August 15, 1996
This morning, a military court reached a verdict in the case of the founders of the Wasat Party ('center party'). Muhammad Mahdi, deputy leader of the Muslim Brotherhood group; Abd al-Hamid Hasan al-Ghazali, professor at the Cairo University Faculty of Economics and Political Science, and board member of the University Faculty Club of Cairo University; Mustafa al-Ghunaymi; Muhammad Ibrahim Abd al-Fattah; Mahmud al-'Azini; Mahmud Abu Raya; and Hasan Gud, former member of parliament were all sentenced to three years in prison.
The court also sentenced Abd al-'Azim al-Maghrabi to a suspended one-year prison sentence. Abu al-'Ala Madi, representative of the Wasat Party, and assistant secretary-general of the Engineers Syndicate; 'Issam Hashish, assistant professor and board member of the University Faculty Club, Cairo University Faculty of Engineering, and one of the party founders; Rashad al-Bayumi, representative of the Teachers Syndicate; Madgi al-Faruq Anwar; and Gamal Abd al-Hadi were all acquitted.
The defendants in the Wasat Party case were all arrested on 3 April 1996, after Abu al-'Ala Madi presented a request to the Committee of Political Party Affairs, on 16 January 1996, on behalf of the founders of the Wasat Party, to form a political party in accordance with the Law on Political Parties, Law no. 40/1977.
The men were charged by the Higher State Security Prosecution Office of: i) joining an illegal, underground group whose aim is to overthrow the regime by force; ii) preparing publications which incite hatred against the regime and call on people to revolt; iii) side-stepping the law by forming the Wasat Party as a front for the banned Muslim Brotherhood group; iv) carrying out political party activities without prior permission.
The case was referred to a military court. The court decided to exclude the above charge no. iii, since such a charge had never before been recognized in Egypt, and Egyptian law does not criminalize such an act. In fact, Law 40/77, Article 1, states that all citizens have the right to form and join political parties. Nevertheless, the court sessions principally focused on charging the defendants with holding a meeting with the aim of establishing a political party to give legitimacy to the Muslim Brotherhood.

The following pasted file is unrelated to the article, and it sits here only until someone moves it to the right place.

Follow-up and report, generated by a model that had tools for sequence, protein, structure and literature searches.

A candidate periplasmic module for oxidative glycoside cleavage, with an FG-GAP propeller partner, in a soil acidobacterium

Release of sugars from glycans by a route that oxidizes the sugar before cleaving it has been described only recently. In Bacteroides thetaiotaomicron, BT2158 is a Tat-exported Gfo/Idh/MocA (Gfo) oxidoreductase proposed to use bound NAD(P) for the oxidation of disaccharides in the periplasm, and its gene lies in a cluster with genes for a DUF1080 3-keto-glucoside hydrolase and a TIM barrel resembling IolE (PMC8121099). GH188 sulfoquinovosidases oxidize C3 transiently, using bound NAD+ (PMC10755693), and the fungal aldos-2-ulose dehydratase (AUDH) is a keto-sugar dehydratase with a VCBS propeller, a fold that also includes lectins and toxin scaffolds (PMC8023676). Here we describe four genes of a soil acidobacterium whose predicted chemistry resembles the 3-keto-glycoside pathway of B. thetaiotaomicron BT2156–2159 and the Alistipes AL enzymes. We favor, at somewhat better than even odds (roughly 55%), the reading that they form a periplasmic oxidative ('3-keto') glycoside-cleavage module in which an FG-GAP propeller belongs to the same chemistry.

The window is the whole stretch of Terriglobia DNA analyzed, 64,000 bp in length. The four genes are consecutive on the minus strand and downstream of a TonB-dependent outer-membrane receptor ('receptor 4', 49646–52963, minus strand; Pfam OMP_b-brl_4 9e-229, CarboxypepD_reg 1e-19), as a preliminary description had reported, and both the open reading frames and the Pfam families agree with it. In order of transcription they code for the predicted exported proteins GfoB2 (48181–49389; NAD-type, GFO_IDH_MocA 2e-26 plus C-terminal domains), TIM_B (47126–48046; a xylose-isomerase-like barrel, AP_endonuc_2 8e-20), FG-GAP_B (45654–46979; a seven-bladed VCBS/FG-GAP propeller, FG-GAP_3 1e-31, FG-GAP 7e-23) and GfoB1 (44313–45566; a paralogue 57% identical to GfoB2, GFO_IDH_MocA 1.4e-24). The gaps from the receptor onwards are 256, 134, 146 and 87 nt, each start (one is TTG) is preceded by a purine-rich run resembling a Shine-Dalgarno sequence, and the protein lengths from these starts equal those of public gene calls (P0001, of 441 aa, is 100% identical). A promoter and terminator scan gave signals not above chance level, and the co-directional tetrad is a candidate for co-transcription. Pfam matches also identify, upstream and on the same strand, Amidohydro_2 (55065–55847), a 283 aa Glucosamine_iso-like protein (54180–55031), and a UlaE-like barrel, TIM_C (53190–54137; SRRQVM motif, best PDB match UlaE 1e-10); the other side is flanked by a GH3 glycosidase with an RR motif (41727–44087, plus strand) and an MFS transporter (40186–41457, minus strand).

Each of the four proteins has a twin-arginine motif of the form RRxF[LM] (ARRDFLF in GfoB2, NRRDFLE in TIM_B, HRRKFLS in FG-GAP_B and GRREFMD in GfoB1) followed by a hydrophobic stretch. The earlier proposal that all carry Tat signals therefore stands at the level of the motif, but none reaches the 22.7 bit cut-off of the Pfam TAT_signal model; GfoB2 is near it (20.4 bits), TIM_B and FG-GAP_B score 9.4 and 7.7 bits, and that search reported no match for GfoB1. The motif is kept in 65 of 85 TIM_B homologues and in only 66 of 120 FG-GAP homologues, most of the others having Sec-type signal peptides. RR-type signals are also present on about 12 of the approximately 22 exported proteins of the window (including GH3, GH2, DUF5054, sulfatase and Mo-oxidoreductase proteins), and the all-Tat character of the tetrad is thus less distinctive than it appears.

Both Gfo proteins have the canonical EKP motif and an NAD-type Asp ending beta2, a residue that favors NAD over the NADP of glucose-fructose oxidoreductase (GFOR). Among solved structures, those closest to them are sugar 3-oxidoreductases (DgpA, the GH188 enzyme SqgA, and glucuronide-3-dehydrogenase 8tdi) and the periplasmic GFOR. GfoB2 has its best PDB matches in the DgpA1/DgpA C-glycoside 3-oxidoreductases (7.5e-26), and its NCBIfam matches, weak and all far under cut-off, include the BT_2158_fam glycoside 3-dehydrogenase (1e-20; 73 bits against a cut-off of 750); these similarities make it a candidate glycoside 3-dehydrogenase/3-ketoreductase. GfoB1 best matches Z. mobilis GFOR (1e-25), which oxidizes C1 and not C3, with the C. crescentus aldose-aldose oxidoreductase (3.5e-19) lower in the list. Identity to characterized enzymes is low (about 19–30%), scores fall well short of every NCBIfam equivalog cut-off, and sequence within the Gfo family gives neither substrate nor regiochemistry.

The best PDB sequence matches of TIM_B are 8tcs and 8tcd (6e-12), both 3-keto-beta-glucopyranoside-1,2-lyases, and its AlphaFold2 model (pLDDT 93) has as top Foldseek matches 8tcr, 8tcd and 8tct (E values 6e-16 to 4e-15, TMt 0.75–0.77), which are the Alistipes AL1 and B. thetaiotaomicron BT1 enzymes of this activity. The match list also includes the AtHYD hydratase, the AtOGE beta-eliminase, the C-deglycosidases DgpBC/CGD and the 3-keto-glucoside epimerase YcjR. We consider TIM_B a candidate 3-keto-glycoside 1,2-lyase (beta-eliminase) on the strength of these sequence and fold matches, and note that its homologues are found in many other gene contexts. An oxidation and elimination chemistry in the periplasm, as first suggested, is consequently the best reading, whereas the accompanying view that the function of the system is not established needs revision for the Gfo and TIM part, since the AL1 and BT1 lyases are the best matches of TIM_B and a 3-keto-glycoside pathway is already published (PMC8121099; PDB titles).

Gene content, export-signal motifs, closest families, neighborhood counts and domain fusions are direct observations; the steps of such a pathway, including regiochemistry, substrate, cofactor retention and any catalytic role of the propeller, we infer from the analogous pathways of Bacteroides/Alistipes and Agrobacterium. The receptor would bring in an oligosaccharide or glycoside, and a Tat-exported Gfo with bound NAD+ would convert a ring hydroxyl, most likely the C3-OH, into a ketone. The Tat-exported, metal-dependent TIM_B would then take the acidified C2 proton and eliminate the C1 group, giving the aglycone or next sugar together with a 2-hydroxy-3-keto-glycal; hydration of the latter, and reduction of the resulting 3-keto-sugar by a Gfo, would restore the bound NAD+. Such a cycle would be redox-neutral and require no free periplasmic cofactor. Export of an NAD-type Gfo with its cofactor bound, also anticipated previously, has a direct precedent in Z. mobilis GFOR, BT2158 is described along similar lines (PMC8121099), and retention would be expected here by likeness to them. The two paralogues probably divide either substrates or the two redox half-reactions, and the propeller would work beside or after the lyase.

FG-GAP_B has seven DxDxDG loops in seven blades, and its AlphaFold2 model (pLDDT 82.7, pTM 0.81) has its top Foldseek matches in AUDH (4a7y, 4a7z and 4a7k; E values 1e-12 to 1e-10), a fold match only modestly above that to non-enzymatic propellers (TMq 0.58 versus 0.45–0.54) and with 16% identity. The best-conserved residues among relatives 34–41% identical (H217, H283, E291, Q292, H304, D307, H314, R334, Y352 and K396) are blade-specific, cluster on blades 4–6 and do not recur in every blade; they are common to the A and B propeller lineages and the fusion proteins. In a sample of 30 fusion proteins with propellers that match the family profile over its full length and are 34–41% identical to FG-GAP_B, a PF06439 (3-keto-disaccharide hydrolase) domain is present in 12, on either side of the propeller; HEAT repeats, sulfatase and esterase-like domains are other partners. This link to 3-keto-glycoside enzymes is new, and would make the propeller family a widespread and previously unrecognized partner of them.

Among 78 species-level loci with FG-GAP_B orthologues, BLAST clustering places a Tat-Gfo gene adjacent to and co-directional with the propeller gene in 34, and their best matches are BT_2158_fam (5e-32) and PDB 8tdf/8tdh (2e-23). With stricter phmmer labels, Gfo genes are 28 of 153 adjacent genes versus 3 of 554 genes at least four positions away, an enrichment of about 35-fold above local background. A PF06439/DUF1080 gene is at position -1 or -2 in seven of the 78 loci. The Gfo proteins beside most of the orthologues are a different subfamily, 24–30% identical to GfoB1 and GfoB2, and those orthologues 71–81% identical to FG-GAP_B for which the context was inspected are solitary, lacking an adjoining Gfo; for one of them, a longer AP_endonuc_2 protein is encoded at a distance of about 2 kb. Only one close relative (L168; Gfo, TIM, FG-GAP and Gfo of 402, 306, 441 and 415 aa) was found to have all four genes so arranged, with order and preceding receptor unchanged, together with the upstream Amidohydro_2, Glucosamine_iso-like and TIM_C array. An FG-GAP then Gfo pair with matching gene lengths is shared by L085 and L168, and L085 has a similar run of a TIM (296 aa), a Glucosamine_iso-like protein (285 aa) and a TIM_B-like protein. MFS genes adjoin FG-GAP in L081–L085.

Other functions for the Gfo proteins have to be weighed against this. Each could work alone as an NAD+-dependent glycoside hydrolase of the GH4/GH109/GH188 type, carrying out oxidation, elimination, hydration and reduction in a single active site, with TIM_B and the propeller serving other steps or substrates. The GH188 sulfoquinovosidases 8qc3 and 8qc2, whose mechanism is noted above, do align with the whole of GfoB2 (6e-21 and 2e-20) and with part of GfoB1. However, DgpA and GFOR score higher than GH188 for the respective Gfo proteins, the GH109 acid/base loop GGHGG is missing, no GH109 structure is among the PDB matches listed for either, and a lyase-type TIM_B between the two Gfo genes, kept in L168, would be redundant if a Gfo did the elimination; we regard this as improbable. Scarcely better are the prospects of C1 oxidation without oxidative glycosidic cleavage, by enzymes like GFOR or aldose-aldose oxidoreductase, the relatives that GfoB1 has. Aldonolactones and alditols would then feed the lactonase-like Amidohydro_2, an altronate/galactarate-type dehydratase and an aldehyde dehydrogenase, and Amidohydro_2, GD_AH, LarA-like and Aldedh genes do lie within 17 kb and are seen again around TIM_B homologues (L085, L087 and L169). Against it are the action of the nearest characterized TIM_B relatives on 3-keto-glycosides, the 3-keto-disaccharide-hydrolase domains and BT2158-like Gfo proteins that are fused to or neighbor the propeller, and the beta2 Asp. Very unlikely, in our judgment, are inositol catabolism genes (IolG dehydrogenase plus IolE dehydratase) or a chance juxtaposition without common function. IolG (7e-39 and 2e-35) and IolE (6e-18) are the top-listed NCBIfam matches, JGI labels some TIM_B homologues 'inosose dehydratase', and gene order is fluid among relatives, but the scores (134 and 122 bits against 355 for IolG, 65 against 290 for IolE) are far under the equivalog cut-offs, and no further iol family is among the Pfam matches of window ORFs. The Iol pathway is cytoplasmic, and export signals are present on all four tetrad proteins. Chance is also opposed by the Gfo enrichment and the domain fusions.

Such an unprecedented accusation should have been decided by Law 40/77, which grants the Committee of Political Party Affairs the right to object to the formation of any political party whose legally required conditions are not met. This had actually occurred, since the committee rejected the request for the formation of the Wasat Party in May— a month following the arrest of the founders.
CHRLA reiterates its position that civilians (including those charged with carrying out acts of terrorism) should not be referred to military courts. Military courts deny defendants their right to a fair trial and appeal to a higher court. These rights are enshrined in the Constitution and the International Covenant on Civil and Political Rights, to which Egypt is a signatory.
CHRLA is also alarmed by the increasingly widespread practice of referring civilians to military courts on charges which are not related to violence and terrorism, but to peaceful expression of opinion and exercising legitimate rights guaranteed by the Constitution, the law, and international covenants, such as forming associations, and political parties.
The Egyptian authorities referred 82 other Muslim Brotherhood leaders in August 1995 to military courts on similar charges. The court sentenced 54 defendants to a prison sentence of between three and five years.
CHRLA considers that the Egyptian authorities' use of military courts as a tool to block peaceful and open political activities will only lead to more violence, terrorism, and outlawed activities, which in turn will threaten the situation of human rights and civil liberties in Egypt.
CHRLA calls on the Egyptian authorities to put an end to the referral of civilians to military courts, and to end the state of emergency—in continuous existence since October 1981, without justifiable reason—which allows this practice.
CHRLA also calls for a review of Law 40/77 and its amendments in order to lift the currently prohibitive restrictions on forming a new political party. The Committee of Political Party Affairs[footnote 1]—whose impartiality is doubted—has refused to grant legal status to 32 political parties, which have supposedly not met the criteria of Law 40/77.
1. A detailed report on the right to form political parties in Egypt will be issued by CHRLA within the next two weeks.
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